Face-view of flower of Claytonia tuberosa s.l. from the top of Keno Hill, Yukon Territory, Canada.
Claytonia tuberosa s.l. photographed on top of Keno Hill, Yukon Territory, Canada.
Lastly, I got to see and collect a VERY beautiful Claytonia in the Kluane National Park, a member (and my first sample) of Section Rhizomatosae — Claytonia sarmentosa (photographed below). This rhizomatous perennial seems to really prefer talus slopes, not unlike C. ogilviensis, C. umbellata, and the C. “peirsonii” complex.
Face-view of flower of Claytonia sarmentosa from the Kluane Ranges, Yukon Territory, Canada.
Claytonia sarmentosa photographed on the King’s Throne Trail, Kluane Ranges, Yukon Territory, Canada.
It was a great trip, but I’m glad to be home — with school about to start, and another spring season just around the corner, it is time to REALLY get some work done!!!
Hey, all — I wanted to share a short post with you, some links that detail my activities in the field over the last two weeks in Idaho and Montana. I’ve been on the hunt for Claytonia, Silene, Boechera and Androsace in alpine areas across these two states, including my new favorite mountain range, the Sawtooth Range (pictures above). At the end of this trip in Idaho and Montana I got my first ever glimpse of the alpine Claytonia megarhiza (pictures below) — I’m beginning to think I should have selected that species for a more thorough investigation… I suppose there is life after dissertation, so maybe this can be my next problem child. ;)
My collaborator, Ingrid Jordon-Thaden, and I have been to some pretty spectacular places (see links below), but it is only going to get better (I think) when we head north to the Yukon (Canada) following the 2014 Botany Conference. I look forward to keeping you all in the loop!
Hey, all — I thought I would share with you that my recent manuscript with colleagues (Diana D. Jolles and Heath A. Bartosh) describing a new species of Silene (Caryophyllaceae) has finally been published! You can access our article here, or the whole issue is here. It is a very special issue for the California Fish and Game Journal, #100, and the first ever all botany issue for the journal — some really GREAT articles in there that are worth reading, including an introduction by Governor Jerry Brown. Neat Stuff!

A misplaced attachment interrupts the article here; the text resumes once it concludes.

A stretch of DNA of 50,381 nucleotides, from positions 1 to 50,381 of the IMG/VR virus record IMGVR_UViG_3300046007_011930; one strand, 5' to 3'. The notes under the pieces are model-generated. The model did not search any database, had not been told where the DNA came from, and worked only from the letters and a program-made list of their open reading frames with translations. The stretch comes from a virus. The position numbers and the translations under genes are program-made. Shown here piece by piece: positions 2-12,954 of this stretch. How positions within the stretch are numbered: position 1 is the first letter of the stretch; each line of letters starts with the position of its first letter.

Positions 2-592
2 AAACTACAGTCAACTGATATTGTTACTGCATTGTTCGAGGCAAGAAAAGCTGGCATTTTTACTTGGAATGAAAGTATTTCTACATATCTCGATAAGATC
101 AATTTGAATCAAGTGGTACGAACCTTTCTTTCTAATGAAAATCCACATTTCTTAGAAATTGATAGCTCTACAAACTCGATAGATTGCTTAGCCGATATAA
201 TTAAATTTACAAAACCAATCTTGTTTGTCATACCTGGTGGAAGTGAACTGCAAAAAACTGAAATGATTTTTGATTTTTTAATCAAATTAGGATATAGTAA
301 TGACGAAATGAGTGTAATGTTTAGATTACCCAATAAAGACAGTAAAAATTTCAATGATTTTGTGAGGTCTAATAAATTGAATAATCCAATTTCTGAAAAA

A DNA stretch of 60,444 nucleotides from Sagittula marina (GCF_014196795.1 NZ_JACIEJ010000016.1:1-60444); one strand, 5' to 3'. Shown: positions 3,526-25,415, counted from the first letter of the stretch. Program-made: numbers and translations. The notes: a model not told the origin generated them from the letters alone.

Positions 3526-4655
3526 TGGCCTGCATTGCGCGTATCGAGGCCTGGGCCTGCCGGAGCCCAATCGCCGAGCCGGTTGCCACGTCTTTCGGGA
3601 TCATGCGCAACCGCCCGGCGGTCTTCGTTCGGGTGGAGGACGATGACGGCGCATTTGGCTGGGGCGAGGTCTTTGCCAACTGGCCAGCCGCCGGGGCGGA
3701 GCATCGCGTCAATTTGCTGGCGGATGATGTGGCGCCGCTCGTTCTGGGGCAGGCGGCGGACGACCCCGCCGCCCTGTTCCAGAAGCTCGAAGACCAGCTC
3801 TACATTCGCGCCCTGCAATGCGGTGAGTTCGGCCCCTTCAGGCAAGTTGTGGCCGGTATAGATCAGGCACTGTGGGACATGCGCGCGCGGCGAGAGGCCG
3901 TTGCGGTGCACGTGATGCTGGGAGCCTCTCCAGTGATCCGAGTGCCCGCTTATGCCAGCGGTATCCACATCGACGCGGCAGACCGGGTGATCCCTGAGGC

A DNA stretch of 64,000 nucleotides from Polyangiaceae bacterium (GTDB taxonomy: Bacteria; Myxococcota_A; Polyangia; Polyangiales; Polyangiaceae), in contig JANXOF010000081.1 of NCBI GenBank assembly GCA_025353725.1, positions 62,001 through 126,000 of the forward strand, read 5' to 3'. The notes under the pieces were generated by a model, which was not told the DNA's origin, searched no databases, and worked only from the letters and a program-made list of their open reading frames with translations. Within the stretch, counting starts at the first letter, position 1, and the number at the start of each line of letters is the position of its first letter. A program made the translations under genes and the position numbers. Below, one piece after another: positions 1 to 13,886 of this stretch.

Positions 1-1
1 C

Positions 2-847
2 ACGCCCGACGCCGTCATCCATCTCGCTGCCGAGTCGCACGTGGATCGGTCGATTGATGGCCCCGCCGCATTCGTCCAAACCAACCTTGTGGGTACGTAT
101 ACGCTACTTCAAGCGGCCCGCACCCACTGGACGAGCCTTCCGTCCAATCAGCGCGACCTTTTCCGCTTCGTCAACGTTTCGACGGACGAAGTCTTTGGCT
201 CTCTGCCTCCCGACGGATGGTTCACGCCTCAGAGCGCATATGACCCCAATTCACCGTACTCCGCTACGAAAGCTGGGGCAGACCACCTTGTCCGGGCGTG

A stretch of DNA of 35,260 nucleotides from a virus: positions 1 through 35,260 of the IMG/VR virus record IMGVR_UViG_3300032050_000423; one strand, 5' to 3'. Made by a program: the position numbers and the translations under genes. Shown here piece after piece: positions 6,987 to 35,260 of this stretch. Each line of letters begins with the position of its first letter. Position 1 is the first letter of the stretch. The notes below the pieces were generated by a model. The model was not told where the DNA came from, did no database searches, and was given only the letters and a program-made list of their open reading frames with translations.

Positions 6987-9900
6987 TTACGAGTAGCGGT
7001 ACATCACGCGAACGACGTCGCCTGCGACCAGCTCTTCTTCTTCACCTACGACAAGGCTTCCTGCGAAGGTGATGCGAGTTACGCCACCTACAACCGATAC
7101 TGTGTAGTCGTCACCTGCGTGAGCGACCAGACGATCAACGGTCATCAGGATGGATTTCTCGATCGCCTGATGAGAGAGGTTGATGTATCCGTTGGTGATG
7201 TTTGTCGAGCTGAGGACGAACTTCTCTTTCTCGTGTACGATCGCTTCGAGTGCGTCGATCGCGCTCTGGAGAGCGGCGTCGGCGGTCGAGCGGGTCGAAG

As always, I am interested to know what you think about this topic — the Silene verecunda problem is VERY complex, but fortunately the taxonomy isn’t.
Above, two members of the genus Claytonia from different Sections — C. “serpenticola” (an undescribed species in Section Claytonia) on the left, and C. rubra (Section Limnia) on the right. The two occur in close sympatry in the Lassic Mountain Wilderness, practically high-fiving their cauline leaves. This was a highly productive trip to the north, but before I get to that…
I want to say THANKS to all who supported my recent fundraising endeavor with Dr. Ingrid Jordon-Thaden on Experiment.com — we are going to be able to do some much needed fieldwork and conduct fundamental biodiversity research with the money you have all helped us to raise! Thanks so very much, and stay tuned for updates (Lab Notes and Blog Posts) on this ‘open access’ alpine research.
OK, back to talking about my recent trip to Oregon and California — I was on the hunt to find locations where multiple Claytonia occur in close sympatry, particularly areas where species may be hybridizing. I am interested in knowing just how well species can maintain their identities in these situations…